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History Ch. 28-32


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Taft-Hartley Act
This 1947 anti-union legislation outlawed the closed shop and secondary boycotts. It also authorized the president to seek injunctions to prevent strikes that posed a threat to national security.
Ronald Reagan continued the deregulation process begun by Jimmy Carter, cutting back on the scope of federal agencies and relying instead on the free market to keep prices of consumer goods and services low and the quality high.
Truman Doctrine
In 1947, President Truman asked Congress for money to aid the Greek and Turkish governments that were then threatened by communist rebels. Arguing for the appropriations, Truman asserted his doctrine that the United States was committed to support free people everywhere who were resisting subjugation by communist attack of subjugation.
President Nixon and Henry Kissinger pursued a policy of detente, a French word meaning a relaxation of tension, with the Soviet Union as a way to lessen the possibility of nuclear war in the 1970s.
war on terror
Initiated by President George W. Bush after the attacks of September 11, 2001, the broadly defined war on terror aimed to weed out terrorist operatives and their supporters throughout the world.
Americans with Disabilities Act
Passed by Congress in 1991, this act banned discrimination against the disabled in employment and mandated easy access to all public and commerical buildings.
Iron Curtain
British Prime Minister Winston Churchill coined this phrase to refer to the boundary in Europe that divided Soivet-dominated eastern and central Europe from western Europe, which was free from Soviet control.
Equal Rights Amendment
In 1972, Congress approved the ERA to the Constitution, a measure designed to guarantee women equal treatment under the law. Despite a three-year extension in the time allowed for ratification, ERA supporters fell three states short of winning adoption.
Fair Deal
A series of reform measures proposed by President Truman in 1949, including federal aid to education, civil rights measures, and national medical insurance. A bipartisan conservative coalition in Congress blocked this effort to move beyond the New Deal reforms of the 1930's.
Brown v. Board of Education of Topeka
In 1954, the Supreme Court reversed the Plessy v. Ferguson decision that established the "separate, but equal" doctrine. The Brown decision found segregation in schools inherently unfair and initiated a long and difficult effort to integrate the nation's public schools.
war on poverty
Lyndon Johnson declared war on poverty in his 1964 State of the Union address. A new Office of Economic Opportunity oversaw a variety of programs to help the poor, including the Job Corps and Head Start.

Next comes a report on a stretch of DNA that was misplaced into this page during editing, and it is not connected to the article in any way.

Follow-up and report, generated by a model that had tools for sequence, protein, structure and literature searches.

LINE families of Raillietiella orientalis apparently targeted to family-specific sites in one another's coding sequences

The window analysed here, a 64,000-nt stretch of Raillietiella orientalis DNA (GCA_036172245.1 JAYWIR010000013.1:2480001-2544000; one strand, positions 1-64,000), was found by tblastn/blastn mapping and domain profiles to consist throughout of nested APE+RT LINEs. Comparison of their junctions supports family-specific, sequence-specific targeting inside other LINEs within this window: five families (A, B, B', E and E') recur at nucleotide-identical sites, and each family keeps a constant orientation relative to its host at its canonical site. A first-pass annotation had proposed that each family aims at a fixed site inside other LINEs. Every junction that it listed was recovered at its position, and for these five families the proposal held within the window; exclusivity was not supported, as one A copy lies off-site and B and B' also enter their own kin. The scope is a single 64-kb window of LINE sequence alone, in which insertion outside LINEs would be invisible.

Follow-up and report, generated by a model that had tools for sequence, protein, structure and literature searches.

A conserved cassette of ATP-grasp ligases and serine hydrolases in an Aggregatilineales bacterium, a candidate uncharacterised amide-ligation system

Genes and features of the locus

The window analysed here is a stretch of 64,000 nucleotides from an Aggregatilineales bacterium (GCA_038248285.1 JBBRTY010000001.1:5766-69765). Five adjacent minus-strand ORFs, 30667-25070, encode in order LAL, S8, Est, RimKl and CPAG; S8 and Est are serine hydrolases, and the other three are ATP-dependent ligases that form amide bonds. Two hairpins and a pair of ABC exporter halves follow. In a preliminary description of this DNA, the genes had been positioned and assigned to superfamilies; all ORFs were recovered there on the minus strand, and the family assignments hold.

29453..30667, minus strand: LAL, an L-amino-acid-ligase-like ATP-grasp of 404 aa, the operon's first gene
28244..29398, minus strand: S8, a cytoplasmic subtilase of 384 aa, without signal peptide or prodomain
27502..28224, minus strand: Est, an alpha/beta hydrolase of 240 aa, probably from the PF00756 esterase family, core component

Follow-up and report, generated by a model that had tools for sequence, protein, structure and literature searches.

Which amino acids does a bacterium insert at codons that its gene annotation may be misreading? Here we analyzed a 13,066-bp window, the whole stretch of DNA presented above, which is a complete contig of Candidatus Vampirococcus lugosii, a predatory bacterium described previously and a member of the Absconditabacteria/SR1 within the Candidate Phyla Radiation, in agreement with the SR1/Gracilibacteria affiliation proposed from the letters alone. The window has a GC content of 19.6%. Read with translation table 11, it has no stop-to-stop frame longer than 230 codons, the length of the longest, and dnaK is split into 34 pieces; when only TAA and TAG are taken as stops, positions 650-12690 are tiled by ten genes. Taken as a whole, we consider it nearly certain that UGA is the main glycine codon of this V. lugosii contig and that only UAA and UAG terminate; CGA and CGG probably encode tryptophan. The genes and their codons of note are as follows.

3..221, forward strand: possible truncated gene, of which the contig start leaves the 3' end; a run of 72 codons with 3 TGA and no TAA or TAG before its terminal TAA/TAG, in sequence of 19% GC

Watergate scandal
A break-in at the Democratic National Committee offices in the Watergate complex in Washington was carried out under the direction of White House employees. Disclosure of the White House involvement in the break-in and subsequent cover-up forced President Nixon to resign in 1974 to avoid impeachment.
global warming
A general rise in temperatures, believed by most scientists to be caused by human activities such as burning fossil fuels, which expels into the earth's atmosphere excess carbon dioxide and other gases that prevent solar heat from escaping, a phenomenon also known as the "greenhouse effect."
Gulf of Tonkin Revolution
After a North Vietnamese attack on an American destroyer in the Gulf of Tonkin in 1964, President Johnson persuaded Congress to pass a resolution giving him the authority to use armed force in Vietnam.
North Atlantic Treaty Organization
In 1949, the United States, Canada, and ten European nations formed this military mutual-defense pact. In 1955, the Soviet Union countered NATO with the formation of the Warsaw Pact, a military alliance among those nations within its own sphere of influence.
Students for a Democratic Society
Founded in 1962, the SDS was a popular college student organization that protested shortcomings in American life, notably racial injustice and the Vietnam War. It led thousands of campus protests before it split apart at the end of the 1960s.
National Security Council planning paper No. 68 redefined America's national defense policy. Adopted in 1950, it committed the United States to a massive military buildup to meet the challenge posed by the Soviet Union.
Desert Storm
The code name used by the United States and its coalition partners in waging war against Iraq in early 1991 to liberate Kuwait.
flexible response